Pss Pss (4 stars)

This article is from 2016

Pss Pss

Heart-stealing classic clowning from Swiss company Baccalà

If you're a proficient acrobat and aerialist – as Camilla Pessi and Simone Fassari who make up Swiss company Baccalà so clearly are – surely one of the most humbling, selfless things you can do is use your skills to make yourself look incompetent, in the hope of revealing some truth about human nature, and along the way making people laugh.

Such is the beauty of the clown, and here are two clowns at the very top of their game. Pessi and Fassari seem like the innocent love children of Fellini and Mr Bean, their woeful, simple, timeless vagabondry a canvas on which they paint marvellous details. That they can draw so many facial expressions and laughs out of the act of sharing an apple – or not, as is the case in the mean world of clowns – is a mark of the clown's power to charm and humble an audience into seeing our own foibles.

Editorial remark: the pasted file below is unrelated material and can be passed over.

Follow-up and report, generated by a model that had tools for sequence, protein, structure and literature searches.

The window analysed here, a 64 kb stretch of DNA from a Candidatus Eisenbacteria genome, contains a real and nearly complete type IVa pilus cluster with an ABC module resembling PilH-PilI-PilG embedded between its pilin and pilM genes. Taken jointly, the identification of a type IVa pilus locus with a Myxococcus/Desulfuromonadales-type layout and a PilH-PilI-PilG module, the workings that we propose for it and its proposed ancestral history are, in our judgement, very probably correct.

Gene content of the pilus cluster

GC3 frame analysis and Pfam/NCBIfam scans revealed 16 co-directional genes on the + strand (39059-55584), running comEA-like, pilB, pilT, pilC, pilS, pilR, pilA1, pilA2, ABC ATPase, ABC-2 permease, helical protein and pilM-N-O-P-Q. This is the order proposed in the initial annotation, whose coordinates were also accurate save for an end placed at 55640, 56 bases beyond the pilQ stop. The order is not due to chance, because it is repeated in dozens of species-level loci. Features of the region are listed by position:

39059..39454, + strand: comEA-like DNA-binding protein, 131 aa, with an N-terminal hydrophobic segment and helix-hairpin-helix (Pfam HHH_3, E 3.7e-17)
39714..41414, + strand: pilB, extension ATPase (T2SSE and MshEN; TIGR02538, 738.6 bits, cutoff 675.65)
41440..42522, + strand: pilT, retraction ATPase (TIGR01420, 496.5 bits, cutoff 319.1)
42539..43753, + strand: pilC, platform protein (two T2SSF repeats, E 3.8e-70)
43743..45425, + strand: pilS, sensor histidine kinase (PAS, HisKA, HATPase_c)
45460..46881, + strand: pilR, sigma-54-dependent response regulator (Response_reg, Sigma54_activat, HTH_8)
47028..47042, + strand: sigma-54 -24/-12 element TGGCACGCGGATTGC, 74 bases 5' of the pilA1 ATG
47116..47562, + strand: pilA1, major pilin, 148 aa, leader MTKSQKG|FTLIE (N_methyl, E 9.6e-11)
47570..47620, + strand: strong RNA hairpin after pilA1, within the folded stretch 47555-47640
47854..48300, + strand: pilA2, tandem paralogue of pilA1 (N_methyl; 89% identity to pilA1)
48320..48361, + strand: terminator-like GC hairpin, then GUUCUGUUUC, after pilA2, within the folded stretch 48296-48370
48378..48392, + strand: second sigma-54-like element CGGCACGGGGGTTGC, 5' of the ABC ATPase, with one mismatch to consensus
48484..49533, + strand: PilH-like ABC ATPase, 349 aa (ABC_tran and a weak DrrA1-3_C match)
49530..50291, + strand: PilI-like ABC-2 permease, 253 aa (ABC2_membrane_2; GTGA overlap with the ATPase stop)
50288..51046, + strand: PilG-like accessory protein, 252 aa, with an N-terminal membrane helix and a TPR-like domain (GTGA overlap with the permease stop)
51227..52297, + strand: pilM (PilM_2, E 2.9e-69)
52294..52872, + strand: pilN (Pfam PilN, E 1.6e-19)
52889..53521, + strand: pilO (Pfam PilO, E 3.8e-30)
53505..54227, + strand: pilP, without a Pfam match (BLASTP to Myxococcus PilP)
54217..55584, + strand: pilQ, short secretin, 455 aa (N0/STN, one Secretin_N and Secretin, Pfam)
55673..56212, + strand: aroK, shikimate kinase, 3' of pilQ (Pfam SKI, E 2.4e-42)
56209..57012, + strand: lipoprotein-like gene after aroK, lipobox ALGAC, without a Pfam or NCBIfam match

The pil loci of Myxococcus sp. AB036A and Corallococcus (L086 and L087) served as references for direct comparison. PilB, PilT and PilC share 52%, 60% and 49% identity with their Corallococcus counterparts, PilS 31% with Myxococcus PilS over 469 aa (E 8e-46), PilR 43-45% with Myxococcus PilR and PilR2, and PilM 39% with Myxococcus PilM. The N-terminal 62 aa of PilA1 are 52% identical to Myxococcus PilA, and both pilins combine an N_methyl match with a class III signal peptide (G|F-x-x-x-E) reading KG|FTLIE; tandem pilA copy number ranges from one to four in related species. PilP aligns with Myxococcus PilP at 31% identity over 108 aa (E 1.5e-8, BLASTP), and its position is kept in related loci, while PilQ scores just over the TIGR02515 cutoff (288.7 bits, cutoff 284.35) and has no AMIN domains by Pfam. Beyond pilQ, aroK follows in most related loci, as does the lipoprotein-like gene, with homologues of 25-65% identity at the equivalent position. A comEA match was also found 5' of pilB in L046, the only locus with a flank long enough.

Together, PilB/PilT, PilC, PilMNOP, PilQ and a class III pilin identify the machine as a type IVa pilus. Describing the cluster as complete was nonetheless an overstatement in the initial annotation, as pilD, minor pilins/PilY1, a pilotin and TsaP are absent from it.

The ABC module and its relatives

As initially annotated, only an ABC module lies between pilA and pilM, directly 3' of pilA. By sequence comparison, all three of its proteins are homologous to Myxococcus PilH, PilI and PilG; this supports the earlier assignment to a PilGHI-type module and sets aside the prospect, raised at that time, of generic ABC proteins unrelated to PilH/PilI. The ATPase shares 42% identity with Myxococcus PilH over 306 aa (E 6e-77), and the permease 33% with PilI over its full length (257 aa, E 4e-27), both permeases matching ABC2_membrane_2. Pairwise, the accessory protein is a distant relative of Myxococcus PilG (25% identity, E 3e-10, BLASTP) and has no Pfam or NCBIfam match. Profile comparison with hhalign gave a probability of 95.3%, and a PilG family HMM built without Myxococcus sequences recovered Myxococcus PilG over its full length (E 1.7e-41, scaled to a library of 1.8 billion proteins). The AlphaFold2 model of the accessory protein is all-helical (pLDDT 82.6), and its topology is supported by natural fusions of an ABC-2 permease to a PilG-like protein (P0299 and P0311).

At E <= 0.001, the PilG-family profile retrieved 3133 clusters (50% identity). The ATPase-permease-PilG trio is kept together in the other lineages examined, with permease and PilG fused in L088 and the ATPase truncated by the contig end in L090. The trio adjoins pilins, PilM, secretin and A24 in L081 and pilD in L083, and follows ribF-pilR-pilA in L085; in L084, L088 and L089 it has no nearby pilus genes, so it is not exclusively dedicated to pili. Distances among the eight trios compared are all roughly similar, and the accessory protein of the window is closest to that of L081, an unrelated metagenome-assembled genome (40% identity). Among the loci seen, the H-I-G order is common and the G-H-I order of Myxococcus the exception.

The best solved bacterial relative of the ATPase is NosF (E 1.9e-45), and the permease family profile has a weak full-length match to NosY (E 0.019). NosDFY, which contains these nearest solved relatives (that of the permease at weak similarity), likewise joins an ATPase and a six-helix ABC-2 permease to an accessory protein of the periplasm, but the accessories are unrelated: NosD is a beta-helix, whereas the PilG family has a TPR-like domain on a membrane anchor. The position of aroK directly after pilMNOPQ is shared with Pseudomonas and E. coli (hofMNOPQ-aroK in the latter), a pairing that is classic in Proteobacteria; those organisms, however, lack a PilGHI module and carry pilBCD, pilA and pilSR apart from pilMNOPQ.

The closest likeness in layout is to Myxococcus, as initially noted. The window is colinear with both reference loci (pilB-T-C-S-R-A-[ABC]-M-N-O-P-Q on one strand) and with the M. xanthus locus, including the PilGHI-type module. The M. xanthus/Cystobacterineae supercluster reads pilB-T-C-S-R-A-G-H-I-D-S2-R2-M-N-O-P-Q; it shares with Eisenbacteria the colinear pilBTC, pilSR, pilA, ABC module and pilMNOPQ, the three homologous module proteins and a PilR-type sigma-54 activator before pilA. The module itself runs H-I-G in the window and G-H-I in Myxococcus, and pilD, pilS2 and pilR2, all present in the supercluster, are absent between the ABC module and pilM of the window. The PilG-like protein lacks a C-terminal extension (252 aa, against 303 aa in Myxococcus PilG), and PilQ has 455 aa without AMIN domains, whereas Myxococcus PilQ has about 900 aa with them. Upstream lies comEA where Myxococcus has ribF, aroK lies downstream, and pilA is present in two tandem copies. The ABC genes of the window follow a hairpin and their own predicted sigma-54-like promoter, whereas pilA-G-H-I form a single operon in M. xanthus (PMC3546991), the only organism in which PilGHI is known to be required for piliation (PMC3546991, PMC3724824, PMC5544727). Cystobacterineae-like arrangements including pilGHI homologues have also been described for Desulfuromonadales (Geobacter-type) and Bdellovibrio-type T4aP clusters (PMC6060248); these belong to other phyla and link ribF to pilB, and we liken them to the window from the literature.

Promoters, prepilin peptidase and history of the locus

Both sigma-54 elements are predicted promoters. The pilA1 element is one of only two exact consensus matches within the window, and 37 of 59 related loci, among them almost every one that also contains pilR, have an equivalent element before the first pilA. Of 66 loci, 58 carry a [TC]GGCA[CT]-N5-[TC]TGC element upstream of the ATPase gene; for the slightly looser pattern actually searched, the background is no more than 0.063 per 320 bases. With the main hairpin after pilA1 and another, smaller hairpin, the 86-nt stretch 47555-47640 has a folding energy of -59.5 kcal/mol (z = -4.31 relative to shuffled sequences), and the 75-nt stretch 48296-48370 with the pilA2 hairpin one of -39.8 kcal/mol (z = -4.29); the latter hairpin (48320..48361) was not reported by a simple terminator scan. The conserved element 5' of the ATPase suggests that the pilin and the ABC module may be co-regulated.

Emotions are distilled down to their basest levels – covetousness, gluttony, the need for attention – and problems are solved in the most irrational way – look out for the ladder if you're in the bottom half of the theatre.

Fassari's posturing as he tries to sex up a diablo act reveals the gulf between fantasy and reality – what we think we look like when we're trying to be cool, and the cruel reality. Pessi meanwhile can tease out a string of laughs just by pompously hogging the limelight with an accordion. But it's the pair's aerial skills – or apparent lack of – that are the grubby cherries on this glorious cake. Clambering, slipping, stomping, they demonstrate the sort of strength most acrobats would expect a round of applause for rather than a laugh – happily they receive both.

Assembly Roxy, 623 3030, until 29 Aug (not 15), 4pm, £12--£14 (£11--£13).

Pss Pss

  • 4 stars

Compagnia Baccalà They're back. A huge hit in 2014, the gem of the Fringe, joyous, brilliant, hilarious, sophisticated and ingenious. An hour of pure happiness. Inspired by Chaplin, Keaton, Fellini and the stars of silent films, two contemporary clowns take to the stage to play out the game of desire in a timeless…